Peripheral Vascular Disease: Comparison of Continuous MR Angiography and Conventional MR Angiography—Pilot Study 1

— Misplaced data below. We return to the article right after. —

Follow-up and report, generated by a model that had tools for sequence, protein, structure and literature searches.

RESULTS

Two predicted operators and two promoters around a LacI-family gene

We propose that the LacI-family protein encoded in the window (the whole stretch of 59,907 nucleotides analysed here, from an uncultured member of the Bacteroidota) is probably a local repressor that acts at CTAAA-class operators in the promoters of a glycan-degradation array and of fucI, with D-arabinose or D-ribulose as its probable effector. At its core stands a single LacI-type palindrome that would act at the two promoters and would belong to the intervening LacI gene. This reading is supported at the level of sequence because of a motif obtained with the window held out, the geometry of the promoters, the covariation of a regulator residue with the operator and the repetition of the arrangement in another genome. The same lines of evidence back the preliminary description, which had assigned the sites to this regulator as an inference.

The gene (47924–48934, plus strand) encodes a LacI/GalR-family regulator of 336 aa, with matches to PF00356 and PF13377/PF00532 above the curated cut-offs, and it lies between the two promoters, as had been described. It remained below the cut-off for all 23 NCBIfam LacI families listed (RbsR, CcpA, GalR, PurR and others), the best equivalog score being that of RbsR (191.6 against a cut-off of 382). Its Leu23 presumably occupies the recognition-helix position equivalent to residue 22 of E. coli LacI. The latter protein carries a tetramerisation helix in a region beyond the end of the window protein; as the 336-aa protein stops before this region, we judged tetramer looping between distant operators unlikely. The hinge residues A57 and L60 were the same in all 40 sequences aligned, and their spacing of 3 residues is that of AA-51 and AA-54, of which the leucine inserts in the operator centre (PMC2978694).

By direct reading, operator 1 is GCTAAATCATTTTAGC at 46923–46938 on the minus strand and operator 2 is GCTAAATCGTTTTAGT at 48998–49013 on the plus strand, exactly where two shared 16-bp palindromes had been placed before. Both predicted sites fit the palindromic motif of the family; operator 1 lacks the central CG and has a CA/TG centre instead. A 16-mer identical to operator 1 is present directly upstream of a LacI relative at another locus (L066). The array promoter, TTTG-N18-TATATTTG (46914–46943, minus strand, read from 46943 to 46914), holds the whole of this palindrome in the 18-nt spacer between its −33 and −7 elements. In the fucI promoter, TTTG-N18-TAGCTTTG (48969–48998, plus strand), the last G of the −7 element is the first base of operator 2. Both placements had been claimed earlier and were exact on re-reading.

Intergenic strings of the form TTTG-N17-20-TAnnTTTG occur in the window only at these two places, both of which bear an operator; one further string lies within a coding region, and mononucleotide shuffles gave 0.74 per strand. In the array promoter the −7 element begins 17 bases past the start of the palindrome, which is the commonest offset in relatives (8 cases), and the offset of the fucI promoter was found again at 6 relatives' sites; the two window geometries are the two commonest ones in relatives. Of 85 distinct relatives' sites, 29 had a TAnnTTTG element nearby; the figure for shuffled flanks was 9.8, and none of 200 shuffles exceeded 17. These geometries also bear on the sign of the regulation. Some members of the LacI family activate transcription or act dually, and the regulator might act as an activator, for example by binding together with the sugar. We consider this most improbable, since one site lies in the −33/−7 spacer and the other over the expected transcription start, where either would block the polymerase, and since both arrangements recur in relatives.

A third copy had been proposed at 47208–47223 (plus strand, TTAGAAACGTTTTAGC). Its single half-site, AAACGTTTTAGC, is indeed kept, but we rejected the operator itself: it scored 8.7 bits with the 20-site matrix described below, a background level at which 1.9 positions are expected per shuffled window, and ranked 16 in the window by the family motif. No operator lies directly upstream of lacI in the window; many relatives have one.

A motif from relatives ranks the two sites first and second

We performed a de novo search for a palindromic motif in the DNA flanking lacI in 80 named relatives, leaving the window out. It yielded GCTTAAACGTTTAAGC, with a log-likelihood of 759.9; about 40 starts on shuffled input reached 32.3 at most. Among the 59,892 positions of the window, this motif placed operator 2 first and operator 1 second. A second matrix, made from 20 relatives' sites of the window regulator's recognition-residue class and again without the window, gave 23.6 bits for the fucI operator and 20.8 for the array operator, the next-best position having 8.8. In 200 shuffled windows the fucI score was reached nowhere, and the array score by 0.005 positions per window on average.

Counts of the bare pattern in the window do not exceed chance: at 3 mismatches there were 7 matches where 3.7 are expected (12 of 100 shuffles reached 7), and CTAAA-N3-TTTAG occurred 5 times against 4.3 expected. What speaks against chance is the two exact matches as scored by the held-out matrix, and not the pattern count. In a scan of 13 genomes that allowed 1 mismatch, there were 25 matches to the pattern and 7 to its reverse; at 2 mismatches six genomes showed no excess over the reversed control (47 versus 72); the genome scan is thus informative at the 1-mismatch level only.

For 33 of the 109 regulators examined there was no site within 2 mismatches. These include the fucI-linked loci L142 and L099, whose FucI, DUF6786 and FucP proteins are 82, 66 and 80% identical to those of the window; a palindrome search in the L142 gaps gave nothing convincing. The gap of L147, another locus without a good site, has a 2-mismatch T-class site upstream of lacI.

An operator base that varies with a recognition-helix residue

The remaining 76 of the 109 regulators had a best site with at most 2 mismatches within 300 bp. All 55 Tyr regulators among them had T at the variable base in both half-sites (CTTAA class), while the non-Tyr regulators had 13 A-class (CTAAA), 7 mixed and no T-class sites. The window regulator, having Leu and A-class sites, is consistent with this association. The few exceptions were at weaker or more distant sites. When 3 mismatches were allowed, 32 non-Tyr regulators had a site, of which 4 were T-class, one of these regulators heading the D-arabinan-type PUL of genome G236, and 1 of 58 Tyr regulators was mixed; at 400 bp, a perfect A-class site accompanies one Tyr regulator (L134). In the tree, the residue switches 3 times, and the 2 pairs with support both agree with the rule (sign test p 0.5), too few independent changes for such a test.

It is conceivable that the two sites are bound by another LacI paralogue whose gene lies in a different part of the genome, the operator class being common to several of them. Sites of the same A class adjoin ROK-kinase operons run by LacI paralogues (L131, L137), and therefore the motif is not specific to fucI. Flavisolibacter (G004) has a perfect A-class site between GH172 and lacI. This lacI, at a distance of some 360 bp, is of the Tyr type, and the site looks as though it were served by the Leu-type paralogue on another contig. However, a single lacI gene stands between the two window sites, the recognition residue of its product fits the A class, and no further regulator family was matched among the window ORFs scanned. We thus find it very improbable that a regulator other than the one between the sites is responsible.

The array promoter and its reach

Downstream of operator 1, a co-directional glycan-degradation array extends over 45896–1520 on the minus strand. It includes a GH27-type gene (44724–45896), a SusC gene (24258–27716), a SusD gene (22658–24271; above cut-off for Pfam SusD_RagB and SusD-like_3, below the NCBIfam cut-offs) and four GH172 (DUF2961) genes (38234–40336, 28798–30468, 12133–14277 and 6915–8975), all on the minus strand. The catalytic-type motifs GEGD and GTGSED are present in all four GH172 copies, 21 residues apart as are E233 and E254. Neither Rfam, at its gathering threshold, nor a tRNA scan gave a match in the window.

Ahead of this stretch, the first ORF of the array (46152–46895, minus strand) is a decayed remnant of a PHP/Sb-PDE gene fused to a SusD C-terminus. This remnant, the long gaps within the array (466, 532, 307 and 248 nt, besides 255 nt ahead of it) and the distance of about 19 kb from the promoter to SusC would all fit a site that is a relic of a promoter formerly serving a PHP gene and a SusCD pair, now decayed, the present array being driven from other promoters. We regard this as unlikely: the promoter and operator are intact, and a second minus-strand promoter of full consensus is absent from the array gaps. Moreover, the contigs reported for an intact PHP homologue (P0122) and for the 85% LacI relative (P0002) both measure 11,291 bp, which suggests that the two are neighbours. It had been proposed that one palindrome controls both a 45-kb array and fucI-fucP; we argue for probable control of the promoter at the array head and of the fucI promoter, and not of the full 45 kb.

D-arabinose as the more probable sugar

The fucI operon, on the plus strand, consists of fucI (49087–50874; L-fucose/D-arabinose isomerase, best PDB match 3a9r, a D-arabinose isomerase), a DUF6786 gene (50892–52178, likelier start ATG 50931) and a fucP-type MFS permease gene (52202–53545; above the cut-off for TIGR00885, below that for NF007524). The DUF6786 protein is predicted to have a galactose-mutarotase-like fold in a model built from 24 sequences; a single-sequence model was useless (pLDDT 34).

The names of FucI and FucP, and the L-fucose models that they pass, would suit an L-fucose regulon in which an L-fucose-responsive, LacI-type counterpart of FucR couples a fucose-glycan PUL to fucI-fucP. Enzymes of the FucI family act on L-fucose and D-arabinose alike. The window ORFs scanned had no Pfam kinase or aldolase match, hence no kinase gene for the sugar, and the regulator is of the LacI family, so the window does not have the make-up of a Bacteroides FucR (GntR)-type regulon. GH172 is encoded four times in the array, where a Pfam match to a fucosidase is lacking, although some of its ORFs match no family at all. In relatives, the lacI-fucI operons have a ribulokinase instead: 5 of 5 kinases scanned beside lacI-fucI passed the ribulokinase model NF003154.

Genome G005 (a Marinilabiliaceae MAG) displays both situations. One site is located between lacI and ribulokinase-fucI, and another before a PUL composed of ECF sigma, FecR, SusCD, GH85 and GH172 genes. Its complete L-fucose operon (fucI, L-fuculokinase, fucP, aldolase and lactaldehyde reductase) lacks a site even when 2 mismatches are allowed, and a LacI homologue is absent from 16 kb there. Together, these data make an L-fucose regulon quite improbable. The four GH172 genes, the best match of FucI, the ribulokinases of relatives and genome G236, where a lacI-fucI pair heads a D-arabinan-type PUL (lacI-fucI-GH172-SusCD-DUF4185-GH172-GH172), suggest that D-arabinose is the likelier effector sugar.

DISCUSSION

The aim of this study was to prospectively assess the accuracy of three-dimensional magnetic resonance (MR) angiography for evaluation of stenosis in the peripheral arterial system with a continuous moving table technique, with conventional MR angiography as reference. This study was approved by the local institutional review board; informed consent was obtained. Five healthy male volunteers (mean age, 27 years; range, 24-35 years) and four men and one woman (mean age, 63 years; range, 46-78 years) with peripheral arterial occlusive disease were examined. Images obtained with both techniques showed excellent concordance (Cohen kappa = 0.75). Images obtained with a conventional protocol had higher quality compared with those obtained with the continuous technique (mean, 1.07 +/- 0.25 [standard deviation] vs 1.58 +/- 0.6; P < .05); small vessels appeared sharper on them. For detection of significant stenosis and occlusion, accuracy, sensitivity, and specificity of the continuous technique were 92.8%, 100%, and 89.2%, respectively.